A study on the impact of COVID-19 funded by UNDRR (United Nations Office for Disaster Risk Reduction) across five geographical locations, including the Indian Sundarbans, has pointed out that the pandemic and measures to contain it had not only triggered cascading effects throughout societies but also reinforced pre-existing vulnerabilities.
The report titled ‘Understanding and managing cascading and systemic risks: lessons from COVID-19’ published recently presents cross-cutting findings from five case studies across the world.
Along with looking into a multi-hazard perspective in the Indian Sundarbans, the study looks at the fragile setting in Bangladesh’s Cox’s Bazar; challenges on all fronts at the national scale in Indonesia; densely populated, urban setting in Guayaquil, Ecuador; and rural-urban and national-international interlinkages in maritime region, Togo.
In the Sundarbans, the people had to deal with the double burden of COVID-19 and cyclone Amphan. The first months of the outbreak of COVID-19 from March to May coincided with one of the severest tropical cyclones Amphan that made landfall on May 20, 2020, with sustained wind speeds of 170 km/h, gusts of up to 190 km/h and storm surges of up to five metres. It caused $13 billion of damage, thereby becoming the costliest cyclone ever recorded in the north Indian Ocean (State IAG, 2020).
“The impact of two hazards occurring simultaneously manifested in the economic distress across sectors, actors and scales as reported in the workshops, media and publications. A significant proportion of the population in this area is dependent on natural resources for livelihood (fishers, crab collectors, honey gatherers, beekeepers, agriculturalists, etc.). Due to COVID-19 containment measures, restrictions were placed on accessing these natural resources, which themselves were directly affected by the cyclone,” the study points out.
The research pointed out that closing schools as a preventive measure for COVID-19 resulted in the disruption in education. “While the existing poverty was one barrier for families to pay for tools to access online education, unstable internet connectivity in the remote regions was another barrier. When these barriers were coupled with the additional economic distress due to the pandemic and the cyclone, the disruption in education became conspicuous (Save the Children, 2020),” the study pointed out.
Incidence of forced marriage among underage girls increased during the period of lockdown and in the aftermath of the cyclone and additionally due to economic distress and disruption in education, many families engaged their children, especially young boys, as child labour, the publication added.
The impact of the pandemic was not only on children but also felt severely on women. Many women had to additionally work in fields on top of their other existing workloads; to do work that was otherwise done by hired workers.
“Similar cascading impact on women’s hygiene and safety was reported by residents as restricted access to sanitation services, resulting from infrastructural damage and inundation, compelled some women to resort to open defecation, which was further compounded by movement restrictions imposed due to COVID-19,” the study pointed out.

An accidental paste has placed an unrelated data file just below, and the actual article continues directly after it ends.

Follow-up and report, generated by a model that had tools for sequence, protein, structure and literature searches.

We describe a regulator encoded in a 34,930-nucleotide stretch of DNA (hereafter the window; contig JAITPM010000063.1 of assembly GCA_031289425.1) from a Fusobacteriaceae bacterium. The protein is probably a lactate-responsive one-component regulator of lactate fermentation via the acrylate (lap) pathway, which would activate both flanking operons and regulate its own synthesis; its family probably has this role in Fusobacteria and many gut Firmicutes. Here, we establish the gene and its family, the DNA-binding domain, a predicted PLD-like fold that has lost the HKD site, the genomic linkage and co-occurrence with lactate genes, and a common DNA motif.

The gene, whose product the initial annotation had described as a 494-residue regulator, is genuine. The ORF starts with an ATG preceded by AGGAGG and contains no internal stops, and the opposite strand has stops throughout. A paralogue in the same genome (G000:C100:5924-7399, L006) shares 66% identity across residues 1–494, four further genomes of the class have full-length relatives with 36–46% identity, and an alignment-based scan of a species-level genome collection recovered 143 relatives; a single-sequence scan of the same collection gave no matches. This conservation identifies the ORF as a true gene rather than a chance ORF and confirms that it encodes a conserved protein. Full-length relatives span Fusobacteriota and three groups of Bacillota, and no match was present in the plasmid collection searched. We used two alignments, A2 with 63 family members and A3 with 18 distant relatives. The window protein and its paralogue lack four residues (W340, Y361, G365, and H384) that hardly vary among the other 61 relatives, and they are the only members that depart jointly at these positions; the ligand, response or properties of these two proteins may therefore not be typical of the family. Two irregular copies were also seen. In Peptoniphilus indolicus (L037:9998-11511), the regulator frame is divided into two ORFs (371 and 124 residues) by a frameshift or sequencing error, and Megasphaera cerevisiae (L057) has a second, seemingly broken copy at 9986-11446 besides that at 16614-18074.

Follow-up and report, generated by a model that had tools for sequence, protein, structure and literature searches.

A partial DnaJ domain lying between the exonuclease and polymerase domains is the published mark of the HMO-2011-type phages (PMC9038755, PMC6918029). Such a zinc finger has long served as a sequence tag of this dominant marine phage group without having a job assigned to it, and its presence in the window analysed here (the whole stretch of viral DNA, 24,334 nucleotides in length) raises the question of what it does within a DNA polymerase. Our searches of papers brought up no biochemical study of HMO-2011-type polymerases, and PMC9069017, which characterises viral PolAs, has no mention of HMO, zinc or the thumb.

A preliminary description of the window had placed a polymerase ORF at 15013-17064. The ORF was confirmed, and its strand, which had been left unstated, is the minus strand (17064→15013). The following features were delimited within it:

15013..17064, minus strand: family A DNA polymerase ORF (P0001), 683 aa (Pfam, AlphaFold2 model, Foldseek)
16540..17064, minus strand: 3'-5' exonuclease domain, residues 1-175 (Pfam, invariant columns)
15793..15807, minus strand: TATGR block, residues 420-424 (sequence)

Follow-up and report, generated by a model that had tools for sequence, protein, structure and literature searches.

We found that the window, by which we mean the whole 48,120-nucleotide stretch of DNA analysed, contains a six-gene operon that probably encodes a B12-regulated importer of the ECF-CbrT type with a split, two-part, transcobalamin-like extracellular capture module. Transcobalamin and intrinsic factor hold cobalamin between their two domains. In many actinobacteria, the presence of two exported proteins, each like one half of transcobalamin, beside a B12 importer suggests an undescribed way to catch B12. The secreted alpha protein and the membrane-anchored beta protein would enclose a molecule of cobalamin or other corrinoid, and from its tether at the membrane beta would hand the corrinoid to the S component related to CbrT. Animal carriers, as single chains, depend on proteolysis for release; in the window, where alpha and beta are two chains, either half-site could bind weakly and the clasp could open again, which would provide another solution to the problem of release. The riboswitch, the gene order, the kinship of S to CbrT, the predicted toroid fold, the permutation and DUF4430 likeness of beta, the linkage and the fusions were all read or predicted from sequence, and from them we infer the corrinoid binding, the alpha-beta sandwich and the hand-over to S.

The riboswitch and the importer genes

Researchers have pointed out that the twin blows of the COVID-19 pandemic and Amphan resulted in short-term loss of income which aggravated child marriage and human trafficking, which can have long-term impacts.
Sumana Banerjee, School of Oceanographic Studies, Jadavpur University, who has contributed to the research pointed out that cyclones are common for Indian Sundarbans but the co-occurrence of Cyclone Amphan within the pandemic restrictions reshaped the understanding of risk. “Despite not being severely affected by the disease COVID-19 between March and May 2020, the Indian Sundarbans faced a wide range of impacts across sectors due to its interconnectedness and its existing vulnerabilities, which when combined with the impacts of the cyclone led to compounding of impacts and cascading of those across sectors.” Ms Banerjee added.
The research pointed out that the main cascading impact in this region in the near and long term is due to economic distress caused by the lockdown.
“The COVID-19-induced lockdown disproportionately affected poorer households of this region. One study revealed that 88 per cent of poorer households’ average weekly local income and 63 per cent of average weekly remittance income were lost due to COVID-19 (Gupta and others, 2020). Not only did it increase poverty, it pushed certain people back into it. The reduction in income due to employment loss forced people to reduce meal portions and consume fewer food items, thereby affecting their food security (Gupta and others, 2020),” the report states.
Michael Hagenlocher, lead author of the report and senior scientist at UNU-EHS (United Nations University – Environment and Human Security, the report reminds us of the importance of better understanding the interconnections in societies and the vulnerabilities within them.
“Before the pandemic, there was not much awareness that hazards, such as floods, droughts or regional disease outbreaks can have knock-on effects on societies globally. Only when COVID-19 started to spread and affect our daily lives, the true extent of how interdependencies in our highly interconnected world are causing impacts to cascade within and across societies became fully visible,” Mr. Hagenlocher added.